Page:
Mayan Architecture: Their Greatest Achievement

715 Words Feb 26th, 2018 3 Pages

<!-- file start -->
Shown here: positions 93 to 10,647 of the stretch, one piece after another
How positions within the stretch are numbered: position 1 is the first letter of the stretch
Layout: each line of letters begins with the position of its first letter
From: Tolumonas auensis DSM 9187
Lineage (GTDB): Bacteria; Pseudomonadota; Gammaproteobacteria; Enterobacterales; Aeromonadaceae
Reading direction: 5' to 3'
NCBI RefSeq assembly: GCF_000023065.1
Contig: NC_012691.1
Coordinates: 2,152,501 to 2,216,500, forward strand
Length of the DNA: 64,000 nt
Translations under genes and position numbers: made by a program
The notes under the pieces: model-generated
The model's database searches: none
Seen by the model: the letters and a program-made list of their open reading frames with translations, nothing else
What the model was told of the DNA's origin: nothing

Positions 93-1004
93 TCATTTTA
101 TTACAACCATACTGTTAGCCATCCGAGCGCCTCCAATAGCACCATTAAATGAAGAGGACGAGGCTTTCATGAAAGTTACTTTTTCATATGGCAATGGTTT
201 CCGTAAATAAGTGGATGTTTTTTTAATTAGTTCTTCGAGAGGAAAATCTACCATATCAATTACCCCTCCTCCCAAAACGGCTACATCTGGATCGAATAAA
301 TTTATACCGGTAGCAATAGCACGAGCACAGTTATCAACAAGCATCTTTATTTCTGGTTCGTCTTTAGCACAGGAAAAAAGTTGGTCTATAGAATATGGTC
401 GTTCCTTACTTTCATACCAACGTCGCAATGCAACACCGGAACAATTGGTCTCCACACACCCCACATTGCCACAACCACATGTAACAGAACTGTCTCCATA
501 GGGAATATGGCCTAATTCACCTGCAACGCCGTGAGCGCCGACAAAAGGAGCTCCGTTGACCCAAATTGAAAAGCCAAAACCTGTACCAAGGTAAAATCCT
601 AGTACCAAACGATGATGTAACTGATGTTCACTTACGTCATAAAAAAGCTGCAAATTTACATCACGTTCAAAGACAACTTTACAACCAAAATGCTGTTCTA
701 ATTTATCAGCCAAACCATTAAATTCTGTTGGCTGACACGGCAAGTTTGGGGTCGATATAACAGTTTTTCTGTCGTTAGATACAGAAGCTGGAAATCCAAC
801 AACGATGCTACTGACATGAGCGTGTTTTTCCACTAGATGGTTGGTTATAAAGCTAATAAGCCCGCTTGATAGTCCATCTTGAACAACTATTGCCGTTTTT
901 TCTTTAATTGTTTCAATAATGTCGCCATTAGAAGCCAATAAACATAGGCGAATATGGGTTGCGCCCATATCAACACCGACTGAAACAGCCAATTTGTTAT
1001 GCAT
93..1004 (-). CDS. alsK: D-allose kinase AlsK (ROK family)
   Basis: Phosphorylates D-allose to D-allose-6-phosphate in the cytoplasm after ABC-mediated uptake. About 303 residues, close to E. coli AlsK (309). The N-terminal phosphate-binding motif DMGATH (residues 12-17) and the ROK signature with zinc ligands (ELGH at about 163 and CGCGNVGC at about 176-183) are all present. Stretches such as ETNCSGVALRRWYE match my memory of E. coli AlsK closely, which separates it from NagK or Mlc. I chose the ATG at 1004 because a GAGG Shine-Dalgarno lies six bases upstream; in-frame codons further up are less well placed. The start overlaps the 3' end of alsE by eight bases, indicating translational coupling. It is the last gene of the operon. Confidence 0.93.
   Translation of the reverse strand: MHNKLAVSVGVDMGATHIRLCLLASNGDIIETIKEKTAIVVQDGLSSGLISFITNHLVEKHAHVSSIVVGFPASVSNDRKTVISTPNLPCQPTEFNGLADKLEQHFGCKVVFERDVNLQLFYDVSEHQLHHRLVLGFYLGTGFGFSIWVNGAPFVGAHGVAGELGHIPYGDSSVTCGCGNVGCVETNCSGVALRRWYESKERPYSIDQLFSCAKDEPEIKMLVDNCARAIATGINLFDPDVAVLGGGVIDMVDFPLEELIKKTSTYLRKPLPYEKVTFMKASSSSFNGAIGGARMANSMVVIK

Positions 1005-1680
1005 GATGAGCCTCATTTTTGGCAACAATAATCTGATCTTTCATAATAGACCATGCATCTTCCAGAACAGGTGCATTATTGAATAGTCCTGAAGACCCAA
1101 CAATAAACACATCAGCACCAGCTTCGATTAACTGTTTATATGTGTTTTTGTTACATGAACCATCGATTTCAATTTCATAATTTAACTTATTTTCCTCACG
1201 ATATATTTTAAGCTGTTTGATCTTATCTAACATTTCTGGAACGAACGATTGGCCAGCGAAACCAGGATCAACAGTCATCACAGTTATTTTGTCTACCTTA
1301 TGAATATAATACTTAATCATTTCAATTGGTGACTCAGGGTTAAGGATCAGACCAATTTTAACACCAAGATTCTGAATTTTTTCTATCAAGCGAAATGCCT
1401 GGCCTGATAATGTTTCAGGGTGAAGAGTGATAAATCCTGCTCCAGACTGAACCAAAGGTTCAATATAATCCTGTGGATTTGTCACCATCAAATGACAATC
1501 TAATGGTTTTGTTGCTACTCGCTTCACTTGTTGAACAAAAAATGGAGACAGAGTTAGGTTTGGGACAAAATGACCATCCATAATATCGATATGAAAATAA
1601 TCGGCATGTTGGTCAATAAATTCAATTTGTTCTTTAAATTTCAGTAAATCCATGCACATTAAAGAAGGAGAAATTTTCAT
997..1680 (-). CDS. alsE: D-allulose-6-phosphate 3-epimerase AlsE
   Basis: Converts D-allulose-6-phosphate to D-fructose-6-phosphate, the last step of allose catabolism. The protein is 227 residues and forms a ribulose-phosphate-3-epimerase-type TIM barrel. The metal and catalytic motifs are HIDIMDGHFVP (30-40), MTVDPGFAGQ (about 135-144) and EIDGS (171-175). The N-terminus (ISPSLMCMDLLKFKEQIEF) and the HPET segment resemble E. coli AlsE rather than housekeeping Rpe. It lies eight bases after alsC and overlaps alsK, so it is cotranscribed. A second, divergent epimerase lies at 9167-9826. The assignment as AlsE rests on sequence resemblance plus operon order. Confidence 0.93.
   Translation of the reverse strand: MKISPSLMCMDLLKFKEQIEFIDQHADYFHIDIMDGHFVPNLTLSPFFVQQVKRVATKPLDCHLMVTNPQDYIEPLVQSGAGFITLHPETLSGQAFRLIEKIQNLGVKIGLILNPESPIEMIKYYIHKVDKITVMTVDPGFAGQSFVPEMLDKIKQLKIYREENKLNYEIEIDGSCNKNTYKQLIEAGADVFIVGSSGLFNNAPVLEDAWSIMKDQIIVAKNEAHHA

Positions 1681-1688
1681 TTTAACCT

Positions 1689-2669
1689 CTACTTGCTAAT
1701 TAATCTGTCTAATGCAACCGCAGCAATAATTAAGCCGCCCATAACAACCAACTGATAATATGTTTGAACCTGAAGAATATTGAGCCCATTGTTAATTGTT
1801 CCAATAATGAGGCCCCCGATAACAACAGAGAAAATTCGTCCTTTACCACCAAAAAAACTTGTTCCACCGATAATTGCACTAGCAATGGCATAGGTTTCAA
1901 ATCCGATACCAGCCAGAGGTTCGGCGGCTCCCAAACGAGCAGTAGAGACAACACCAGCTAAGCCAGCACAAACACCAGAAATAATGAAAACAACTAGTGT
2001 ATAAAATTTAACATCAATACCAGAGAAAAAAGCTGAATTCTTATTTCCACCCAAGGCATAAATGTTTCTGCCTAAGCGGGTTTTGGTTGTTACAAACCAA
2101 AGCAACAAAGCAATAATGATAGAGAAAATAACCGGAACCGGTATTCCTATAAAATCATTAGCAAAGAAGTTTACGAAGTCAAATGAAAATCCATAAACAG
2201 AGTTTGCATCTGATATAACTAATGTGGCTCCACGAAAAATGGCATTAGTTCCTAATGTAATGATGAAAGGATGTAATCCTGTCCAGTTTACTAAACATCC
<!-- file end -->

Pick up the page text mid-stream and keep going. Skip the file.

He plods through the small plants and underbrush, a faint cloud of dust rising in his wake. His breaths come in harsh pants that rasp through his dry throat, his chest heaving with carrying such a heavy load. Sweat covers his entire body and makes him shine under the noonday sun like a glorious god descending from the heavens. But, he is not a god. He is a mindless slave involved in an architectural project of Copan, a famous Mayan city. The Maya had a massive civilization that rose in 250 CE and fell around 900 CE. They inhabited an area known as Mesoamerica, which consisted of southern Mexico, Belize, Guatemala, El Salvador, and Honduras. The Maya, as a people, are known for several achievements such as an extensive trade network, three calendars, and advances in numbers. Although they are notable, none are as great or powerful as their work in architecture. This shown when all four of these noteworthy achievements are judged by a set of criteria. There is the amount of effort, the scale or size of the achievement, the significance, and genius. There are achievements that some may believe rival the magnificent cities of the Maya such as their trade network, their number sense, and their calendars. Their trading web was an impressive accomplishment as it reached all over Mesoamerica, as well as the fact that there were many kinds of trade items and the number of the…

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